Darling's future in doubt over expenses 'mistake'

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Indy Politics

Doubt surrounded the future of the Chancellor tonight after Gordon Brown said Alistair Darling had made a "mistake" over his expenses.

The Prime Minister was forced to fend off a flurry of questions over the chancellor's position after Mr Darling admitted he would be paying back hundreds of pounds and apologised "unreservedly".

The Lib Dems demanded Mr Darling go because he no longer had the "moral authority" to manage the nation's finances.

Meanwhile, the Tories accused Mr Brown of "hanging him out to dry" by refusing to say whether he would stay in his job.

For his part, the chancellor insisted it was "the PM's call" whether he should be removed in a reshuffle expected after local and European elections on Thursday.

A poll tonight provided more evidence that Labour faces a major backlash from voters. Research by Ipsos Mori found the party's support has slumped 10 per cent over the past month, and it is now running neck and neck with the Lib Dems on 18 per cent.

Some 40 per cent said they would be voting for David Cameron's Conservatives at the next general election.

Mr Darling returned to the heart of the expenses row this morning, when the Daily Telegraph reported that, in July 2007, he submitted a £1,004 claim for service charges on his south London flat up to December of that year.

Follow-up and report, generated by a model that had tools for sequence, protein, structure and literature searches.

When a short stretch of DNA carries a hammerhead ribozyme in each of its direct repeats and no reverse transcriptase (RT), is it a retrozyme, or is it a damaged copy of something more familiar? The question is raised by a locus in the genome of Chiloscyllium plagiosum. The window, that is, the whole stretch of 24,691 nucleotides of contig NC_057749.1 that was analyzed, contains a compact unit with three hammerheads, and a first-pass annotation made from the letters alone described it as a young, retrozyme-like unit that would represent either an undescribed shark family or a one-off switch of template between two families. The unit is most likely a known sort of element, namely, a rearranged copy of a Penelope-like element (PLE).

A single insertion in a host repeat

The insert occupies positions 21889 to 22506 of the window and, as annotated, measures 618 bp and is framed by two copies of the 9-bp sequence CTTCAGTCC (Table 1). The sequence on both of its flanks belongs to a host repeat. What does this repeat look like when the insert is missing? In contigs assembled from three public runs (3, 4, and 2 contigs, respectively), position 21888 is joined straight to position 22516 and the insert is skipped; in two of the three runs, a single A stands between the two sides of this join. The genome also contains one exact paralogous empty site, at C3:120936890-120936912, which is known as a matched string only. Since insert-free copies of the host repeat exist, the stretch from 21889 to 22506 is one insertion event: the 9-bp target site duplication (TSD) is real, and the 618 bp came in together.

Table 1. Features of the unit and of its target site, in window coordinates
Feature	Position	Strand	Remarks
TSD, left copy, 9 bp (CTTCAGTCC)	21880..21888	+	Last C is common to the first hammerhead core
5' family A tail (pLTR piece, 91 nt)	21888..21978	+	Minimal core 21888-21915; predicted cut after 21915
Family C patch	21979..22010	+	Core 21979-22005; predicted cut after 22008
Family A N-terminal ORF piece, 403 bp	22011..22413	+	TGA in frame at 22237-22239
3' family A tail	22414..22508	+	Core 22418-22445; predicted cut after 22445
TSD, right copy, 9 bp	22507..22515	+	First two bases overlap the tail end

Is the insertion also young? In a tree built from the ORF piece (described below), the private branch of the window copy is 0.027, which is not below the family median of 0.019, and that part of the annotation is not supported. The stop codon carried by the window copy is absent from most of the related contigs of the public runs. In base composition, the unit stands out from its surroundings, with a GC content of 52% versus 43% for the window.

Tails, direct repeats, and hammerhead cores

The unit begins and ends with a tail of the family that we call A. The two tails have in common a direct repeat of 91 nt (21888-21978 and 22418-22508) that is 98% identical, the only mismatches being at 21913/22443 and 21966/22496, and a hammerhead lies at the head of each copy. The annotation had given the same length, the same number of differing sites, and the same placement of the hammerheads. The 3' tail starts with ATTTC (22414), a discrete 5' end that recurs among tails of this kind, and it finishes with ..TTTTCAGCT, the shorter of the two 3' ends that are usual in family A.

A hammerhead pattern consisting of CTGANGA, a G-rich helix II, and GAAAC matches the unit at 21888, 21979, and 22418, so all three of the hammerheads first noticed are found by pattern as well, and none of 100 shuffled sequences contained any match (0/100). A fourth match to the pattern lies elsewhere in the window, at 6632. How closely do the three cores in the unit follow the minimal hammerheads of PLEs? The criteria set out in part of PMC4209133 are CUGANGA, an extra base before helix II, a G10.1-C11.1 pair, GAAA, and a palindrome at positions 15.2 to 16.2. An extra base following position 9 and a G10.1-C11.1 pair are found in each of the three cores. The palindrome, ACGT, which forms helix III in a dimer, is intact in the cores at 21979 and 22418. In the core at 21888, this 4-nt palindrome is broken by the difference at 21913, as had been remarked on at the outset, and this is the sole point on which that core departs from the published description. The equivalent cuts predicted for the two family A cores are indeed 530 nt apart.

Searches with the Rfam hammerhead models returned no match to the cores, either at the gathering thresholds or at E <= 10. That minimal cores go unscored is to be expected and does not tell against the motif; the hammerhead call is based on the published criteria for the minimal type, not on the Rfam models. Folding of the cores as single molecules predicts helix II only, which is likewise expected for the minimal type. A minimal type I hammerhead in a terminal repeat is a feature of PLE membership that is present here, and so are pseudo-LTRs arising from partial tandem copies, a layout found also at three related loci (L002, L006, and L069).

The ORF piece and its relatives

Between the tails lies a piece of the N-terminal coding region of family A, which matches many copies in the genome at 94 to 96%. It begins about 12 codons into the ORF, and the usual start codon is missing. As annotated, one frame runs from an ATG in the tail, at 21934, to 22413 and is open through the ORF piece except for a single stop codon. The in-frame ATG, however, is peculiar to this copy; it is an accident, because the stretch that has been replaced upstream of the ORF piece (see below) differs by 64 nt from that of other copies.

Soon afterwards he became chancellor, moved into Downing Street and began renting out the flat.

In a round of broadcast interviews this evening, Mr Darling said he had made a "mistake" and would repay £350.

"I'm sorry about that, I unreservedly apologise," he said.

However, he denied claiming on two properties simultaneously, and insisted he did not want to be seen to have made "any gain" from the situation.

Asked whether he was expecting to be removed from Number 11 in a reshuffle, Mr Darling replied: "It is up to the Prime Minister. He has got to decide the team that he wants to be in the next government.

"Gordon and I work very, very closely together, but at the end of the day it is his call."

He went on: "When the Prime Minister has his reshuffle, it is the Prime Minister's call."